Moving Data into Stata Using Stata
Stata has three major commands for importing data from other programs. These are the
infile command, the
import delimited and the
infix command. In addition, assuming the program the data is currently in contains the data in a table (spreadsheets count), copying and pasting will often work. The format of the data to be imported will determine which command you ultimately use. All of the following commands should be typed into the Command window. This command will refuse to run if you already have data open, so as to safeguard you from accidentally losing what you've been working so hard on.
When your data is exported in an ASCII format (an option every spreadsheet program provides), you only need the
import delimited command (formerly it was the insheet command). The
import delimited command can figure out for itself whether the file is comma- (.csv) or tab (.tab or .tsv or .dat)-delimited. If the variable names are not in the file, the import delimited command will give the variables arbitrary names (e.g., v1, v2, vetc) if which you can go back and change later. If the variable names are included, Stata knows to read them from the top line. You can also specify names for the variables by including the names you want the variables to have in the command.
To just import with Stata-assigned names, simply type
import delimited using filename.extension
To import the whole thing with your own names, add the names before the end of the command.
import delimited v1sname v2sname v3sname etc using filename.extension
If the variable's name is more than eight characters long, Stata will abbreviate it when displaying the data.
Note that if you are not currently working in the same directory as where the file is stored, you will need to use the whole file path, e.g., if the file I wanted was in a folder called "Data", and Stata's current working directory was the Documents folder (the default). I would type
import delimited using /Data/ filename.extension. Note that file paths are case sensitive so if the folder is called "Data", telling Stata to look in /data will not work. The working directory is displayed directly under the toolbar, in the top left corner.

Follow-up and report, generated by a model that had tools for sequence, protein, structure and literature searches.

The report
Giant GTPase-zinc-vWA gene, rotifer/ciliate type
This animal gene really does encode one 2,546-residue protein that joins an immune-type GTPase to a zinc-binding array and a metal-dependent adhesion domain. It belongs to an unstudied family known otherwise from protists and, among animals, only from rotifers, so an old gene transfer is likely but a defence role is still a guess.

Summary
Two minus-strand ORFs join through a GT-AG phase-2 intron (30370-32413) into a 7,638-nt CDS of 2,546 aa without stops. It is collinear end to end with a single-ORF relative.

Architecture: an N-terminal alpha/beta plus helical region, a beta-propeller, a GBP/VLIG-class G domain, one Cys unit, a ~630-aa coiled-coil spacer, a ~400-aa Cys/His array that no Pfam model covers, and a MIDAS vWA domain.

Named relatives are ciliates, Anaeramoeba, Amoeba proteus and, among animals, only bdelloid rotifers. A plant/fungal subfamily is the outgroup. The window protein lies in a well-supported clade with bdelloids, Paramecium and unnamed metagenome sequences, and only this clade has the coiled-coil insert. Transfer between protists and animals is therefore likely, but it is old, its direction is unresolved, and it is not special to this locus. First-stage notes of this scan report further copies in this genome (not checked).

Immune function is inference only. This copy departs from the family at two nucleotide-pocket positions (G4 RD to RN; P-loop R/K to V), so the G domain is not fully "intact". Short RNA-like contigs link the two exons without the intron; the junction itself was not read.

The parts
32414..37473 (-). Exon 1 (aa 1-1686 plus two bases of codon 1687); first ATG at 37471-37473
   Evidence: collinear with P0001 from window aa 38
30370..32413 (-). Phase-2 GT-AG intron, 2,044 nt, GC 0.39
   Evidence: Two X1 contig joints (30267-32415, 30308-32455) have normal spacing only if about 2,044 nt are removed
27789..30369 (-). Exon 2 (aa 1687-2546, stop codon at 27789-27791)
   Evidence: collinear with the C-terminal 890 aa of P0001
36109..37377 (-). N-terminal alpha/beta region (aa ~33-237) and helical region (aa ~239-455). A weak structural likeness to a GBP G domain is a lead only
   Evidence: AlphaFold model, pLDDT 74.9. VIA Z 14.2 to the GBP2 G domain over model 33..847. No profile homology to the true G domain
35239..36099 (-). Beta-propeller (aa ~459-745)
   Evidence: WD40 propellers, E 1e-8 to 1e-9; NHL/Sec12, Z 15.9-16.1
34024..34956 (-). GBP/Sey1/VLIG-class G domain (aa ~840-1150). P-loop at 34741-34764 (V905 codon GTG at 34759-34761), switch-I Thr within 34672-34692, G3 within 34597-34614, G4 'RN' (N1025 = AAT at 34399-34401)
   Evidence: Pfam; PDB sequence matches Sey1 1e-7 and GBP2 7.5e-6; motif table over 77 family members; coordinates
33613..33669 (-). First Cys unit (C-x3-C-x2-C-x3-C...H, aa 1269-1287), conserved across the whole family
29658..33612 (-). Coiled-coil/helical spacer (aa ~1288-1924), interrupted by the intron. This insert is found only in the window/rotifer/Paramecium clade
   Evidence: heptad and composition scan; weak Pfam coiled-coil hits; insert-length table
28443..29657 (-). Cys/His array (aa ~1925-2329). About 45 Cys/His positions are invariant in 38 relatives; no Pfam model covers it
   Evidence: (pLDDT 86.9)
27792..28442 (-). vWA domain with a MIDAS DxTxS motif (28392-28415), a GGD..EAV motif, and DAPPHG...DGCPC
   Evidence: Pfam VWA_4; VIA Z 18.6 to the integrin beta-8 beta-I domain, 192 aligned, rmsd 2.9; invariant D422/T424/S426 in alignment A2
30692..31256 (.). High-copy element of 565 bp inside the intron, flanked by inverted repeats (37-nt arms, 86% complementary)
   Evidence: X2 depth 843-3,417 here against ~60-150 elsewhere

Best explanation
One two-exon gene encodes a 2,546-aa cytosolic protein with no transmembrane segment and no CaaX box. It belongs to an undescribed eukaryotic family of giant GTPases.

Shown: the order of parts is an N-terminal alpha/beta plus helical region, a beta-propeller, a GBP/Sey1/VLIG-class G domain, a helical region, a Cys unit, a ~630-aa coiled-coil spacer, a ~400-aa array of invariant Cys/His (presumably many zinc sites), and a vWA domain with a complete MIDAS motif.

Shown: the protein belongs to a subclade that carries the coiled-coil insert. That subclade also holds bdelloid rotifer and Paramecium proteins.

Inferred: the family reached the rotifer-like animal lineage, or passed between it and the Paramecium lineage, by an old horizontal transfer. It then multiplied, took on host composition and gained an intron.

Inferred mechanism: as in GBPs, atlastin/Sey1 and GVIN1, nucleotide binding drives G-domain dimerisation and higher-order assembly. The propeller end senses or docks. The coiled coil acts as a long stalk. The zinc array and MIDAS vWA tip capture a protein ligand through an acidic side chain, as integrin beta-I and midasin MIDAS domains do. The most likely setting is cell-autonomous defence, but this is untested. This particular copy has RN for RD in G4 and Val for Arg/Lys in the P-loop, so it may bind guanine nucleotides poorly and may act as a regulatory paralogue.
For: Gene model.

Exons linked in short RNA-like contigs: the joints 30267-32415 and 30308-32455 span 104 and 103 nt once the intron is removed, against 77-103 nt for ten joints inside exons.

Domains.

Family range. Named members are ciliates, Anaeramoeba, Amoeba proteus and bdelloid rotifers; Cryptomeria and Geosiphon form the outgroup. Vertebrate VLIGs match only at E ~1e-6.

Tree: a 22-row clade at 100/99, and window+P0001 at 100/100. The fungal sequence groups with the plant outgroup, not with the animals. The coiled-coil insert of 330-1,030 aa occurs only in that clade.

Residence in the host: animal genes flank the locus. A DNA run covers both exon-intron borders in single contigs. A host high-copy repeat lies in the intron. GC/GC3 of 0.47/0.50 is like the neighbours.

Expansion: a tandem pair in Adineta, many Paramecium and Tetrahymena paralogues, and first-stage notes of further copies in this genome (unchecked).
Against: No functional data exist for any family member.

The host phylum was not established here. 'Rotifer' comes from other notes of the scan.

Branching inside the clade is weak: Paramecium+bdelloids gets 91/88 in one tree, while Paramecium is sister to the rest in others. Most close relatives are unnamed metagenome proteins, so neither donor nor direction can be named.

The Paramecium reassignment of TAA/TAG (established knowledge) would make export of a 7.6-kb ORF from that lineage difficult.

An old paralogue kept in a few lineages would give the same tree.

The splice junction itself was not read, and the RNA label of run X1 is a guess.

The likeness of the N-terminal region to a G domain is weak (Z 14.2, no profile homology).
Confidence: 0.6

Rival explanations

Assuming your data is less neatly arranged, you will need the
infile command. Most often this will be the case if your data is in a raw (.raw) or text (.txt) format. In these cases, data are usually just separated by white space (rather than commas or tabs) and may have other funny formatting.
The basic command is simply
infile using filename.extension but it needs to be followed by arguments that explain to Stata what it's dealing with.
Stata can deal with strings (such as names) as long as the string value has quote marks around it in the file. Additionally, Stata will process . or " " as a missing value, however it will ignore a blank white space (one without quotes) and fill in the next value. On the positive end, this means if an observation is broken up onto multiple lines Stata will have no trouble reading it as a single observation.
To get Stata to read this sort of unformatted file, you would type
infile varname var name2 varnamen using filename.extension
Conversely, sometimes a text or raw file can be organized into neat columns, such that a human could read them without issue or perhaps the string variables do not have quote marks (which is still easily interpreted by humans). For a computer, this sort of thing can be much harder to read. For instance, if my first column as a string variable without quotes, the second column separated by spaces, was a number, etc and I just typed
infile using messedupdata.txt Stata would do it all wrong.
To tell Stata that your data is in neatly arranged columns, effectively teaching it how to read them, you will need to create a dictionary file.
Once your dictionary file is created the command becomes
infile using mydictionaryfile.dct
To read more on these commands, look at their help files in Stata.